I do try to leave the office out of my home life, but I constantly bring my home life to the office. I live an amazing lifestyle up here in the jungle, and it's a major part of what Paiko represents.

Photographs by © Sara Mayko 2014

In Store: Paiko Holiday Workshops for December

 

paiko holiday workshop flyer

Tis the season for holiday decor and DIY gifts to share this winter, especially if you're seeking some handmade goodies! This December, Paiko is offering a plethora of holiday workshops for your seasonal inspiration that we can't wait to share with you. Want to have the best decked door on your block? Then maybe the Tillandsia Holiday Wreath workshop is for you. Attending the SALT Holiday Fair? Check out our Tillandsia Snowglobe class at Kaka'ako Agora. Curious about what a Kokedama is? We'll teach you at the Christmas Kokedama workshop. Hosting a Holiday party? Haku lei guru, Ann Kadowaki will kick start your Hawaiian Table Swag inspiration.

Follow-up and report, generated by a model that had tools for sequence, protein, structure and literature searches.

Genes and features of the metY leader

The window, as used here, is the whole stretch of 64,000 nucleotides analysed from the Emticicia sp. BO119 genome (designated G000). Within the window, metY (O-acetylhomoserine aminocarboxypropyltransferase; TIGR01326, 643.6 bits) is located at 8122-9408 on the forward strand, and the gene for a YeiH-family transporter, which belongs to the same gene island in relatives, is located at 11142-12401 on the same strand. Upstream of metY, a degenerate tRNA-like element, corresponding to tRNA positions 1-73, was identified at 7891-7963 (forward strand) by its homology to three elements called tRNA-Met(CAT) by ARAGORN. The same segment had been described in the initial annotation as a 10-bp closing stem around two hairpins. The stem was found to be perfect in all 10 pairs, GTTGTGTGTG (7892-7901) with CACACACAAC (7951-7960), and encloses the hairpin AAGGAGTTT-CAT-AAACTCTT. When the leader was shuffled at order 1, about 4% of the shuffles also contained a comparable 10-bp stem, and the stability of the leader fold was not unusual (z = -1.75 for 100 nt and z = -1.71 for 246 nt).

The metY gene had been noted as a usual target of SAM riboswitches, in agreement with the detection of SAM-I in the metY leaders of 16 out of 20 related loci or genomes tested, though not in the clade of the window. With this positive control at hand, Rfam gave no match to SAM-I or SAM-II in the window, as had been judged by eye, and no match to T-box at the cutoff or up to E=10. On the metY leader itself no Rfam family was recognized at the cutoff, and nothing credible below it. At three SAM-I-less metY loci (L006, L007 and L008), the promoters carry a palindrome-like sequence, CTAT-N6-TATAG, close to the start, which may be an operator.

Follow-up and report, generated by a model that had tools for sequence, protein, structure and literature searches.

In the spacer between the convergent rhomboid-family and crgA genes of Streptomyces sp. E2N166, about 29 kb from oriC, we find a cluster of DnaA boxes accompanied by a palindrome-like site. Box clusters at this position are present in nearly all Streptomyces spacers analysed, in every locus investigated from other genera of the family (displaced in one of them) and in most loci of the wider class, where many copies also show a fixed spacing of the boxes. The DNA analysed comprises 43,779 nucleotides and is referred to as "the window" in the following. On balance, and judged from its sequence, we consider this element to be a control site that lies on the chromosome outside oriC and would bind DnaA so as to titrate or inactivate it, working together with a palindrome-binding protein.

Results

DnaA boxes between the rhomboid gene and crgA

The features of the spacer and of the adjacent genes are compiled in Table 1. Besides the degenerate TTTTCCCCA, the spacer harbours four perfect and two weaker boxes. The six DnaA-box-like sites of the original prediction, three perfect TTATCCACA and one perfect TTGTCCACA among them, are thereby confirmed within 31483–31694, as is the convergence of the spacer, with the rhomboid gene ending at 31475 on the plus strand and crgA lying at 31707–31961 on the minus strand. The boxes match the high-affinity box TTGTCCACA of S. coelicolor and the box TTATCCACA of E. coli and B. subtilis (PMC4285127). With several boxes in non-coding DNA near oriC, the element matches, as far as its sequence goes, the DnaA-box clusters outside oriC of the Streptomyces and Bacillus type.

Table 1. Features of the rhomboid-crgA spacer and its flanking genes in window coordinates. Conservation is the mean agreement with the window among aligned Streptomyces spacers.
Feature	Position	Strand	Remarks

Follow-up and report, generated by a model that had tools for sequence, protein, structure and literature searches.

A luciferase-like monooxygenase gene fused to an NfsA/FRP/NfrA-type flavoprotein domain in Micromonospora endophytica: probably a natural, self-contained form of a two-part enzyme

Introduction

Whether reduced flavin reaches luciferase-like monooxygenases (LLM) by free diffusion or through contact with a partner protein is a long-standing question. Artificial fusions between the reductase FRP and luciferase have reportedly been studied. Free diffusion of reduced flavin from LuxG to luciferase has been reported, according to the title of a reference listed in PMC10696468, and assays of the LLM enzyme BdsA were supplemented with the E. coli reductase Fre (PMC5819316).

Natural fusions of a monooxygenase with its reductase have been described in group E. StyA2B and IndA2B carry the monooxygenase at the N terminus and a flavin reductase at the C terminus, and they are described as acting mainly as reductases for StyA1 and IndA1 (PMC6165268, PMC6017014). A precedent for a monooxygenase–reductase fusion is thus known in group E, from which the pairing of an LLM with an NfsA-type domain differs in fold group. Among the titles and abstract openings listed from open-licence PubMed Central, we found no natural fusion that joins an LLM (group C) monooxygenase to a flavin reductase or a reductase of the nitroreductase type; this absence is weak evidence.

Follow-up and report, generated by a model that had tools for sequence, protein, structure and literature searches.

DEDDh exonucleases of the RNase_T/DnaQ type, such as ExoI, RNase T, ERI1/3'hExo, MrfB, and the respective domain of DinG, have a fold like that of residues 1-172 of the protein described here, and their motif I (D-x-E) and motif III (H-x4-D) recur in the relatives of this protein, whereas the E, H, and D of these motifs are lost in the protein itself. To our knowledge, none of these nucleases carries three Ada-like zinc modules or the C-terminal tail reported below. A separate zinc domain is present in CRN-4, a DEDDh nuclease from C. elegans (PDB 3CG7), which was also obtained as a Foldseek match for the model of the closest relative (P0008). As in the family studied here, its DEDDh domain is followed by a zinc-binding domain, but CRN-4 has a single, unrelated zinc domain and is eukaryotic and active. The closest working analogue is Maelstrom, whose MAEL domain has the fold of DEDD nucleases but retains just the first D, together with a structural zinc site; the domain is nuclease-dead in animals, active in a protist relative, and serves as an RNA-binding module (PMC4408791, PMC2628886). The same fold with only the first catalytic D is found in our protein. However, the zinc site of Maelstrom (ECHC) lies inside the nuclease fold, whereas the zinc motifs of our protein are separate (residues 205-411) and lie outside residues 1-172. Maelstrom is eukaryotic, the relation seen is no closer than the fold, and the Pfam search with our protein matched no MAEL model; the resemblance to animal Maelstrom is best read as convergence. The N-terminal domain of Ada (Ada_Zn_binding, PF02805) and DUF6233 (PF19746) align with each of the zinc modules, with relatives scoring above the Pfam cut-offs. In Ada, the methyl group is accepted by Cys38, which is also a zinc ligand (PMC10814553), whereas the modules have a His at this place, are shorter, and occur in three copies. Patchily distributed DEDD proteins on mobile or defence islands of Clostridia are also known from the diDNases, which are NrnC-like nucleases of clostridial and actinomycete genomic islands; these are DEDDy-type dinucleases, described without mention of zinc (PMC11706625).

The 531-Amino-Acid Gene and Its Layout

These classes compose a tight knit network of like-minded nature-loving individuals who want to be involved and spark creativity in their community. Not only are these classes educational but they're relaxing and productively stimulating.  A welcoming environment for pau hana play, pre-party girls night, or a date with your favorite person. Each class is taught by either Paiko's very own Tamara Rigney, or other respected activists in the Hawaiian horticulture community.

Interested? Check out our calendar for additional information on each workshop and to save a spot!

Here are some images from our past workshops:

Ann Kadowaki

Succulent Gardening

DIY Potting Bar

Terrarium

Paiko Ohana: Dee Oliva

Dee Oliva Meet Dee Oliva, local artist and a member of Paiko’s ohana. Dee’s ceramic pieces each have a life of their own, and her adorable animal planters have become an instant shop favorite. We treated Dee to a spooktacular picnic last Wednesday with homemade pumpkin seeds, Hawaiian kettle corn, and lots of caramel chocolate. With Dee’s animals joining us, it was like a picnic at a miniature zoo.

Picnic With Dee

Picnic With Dee Oliva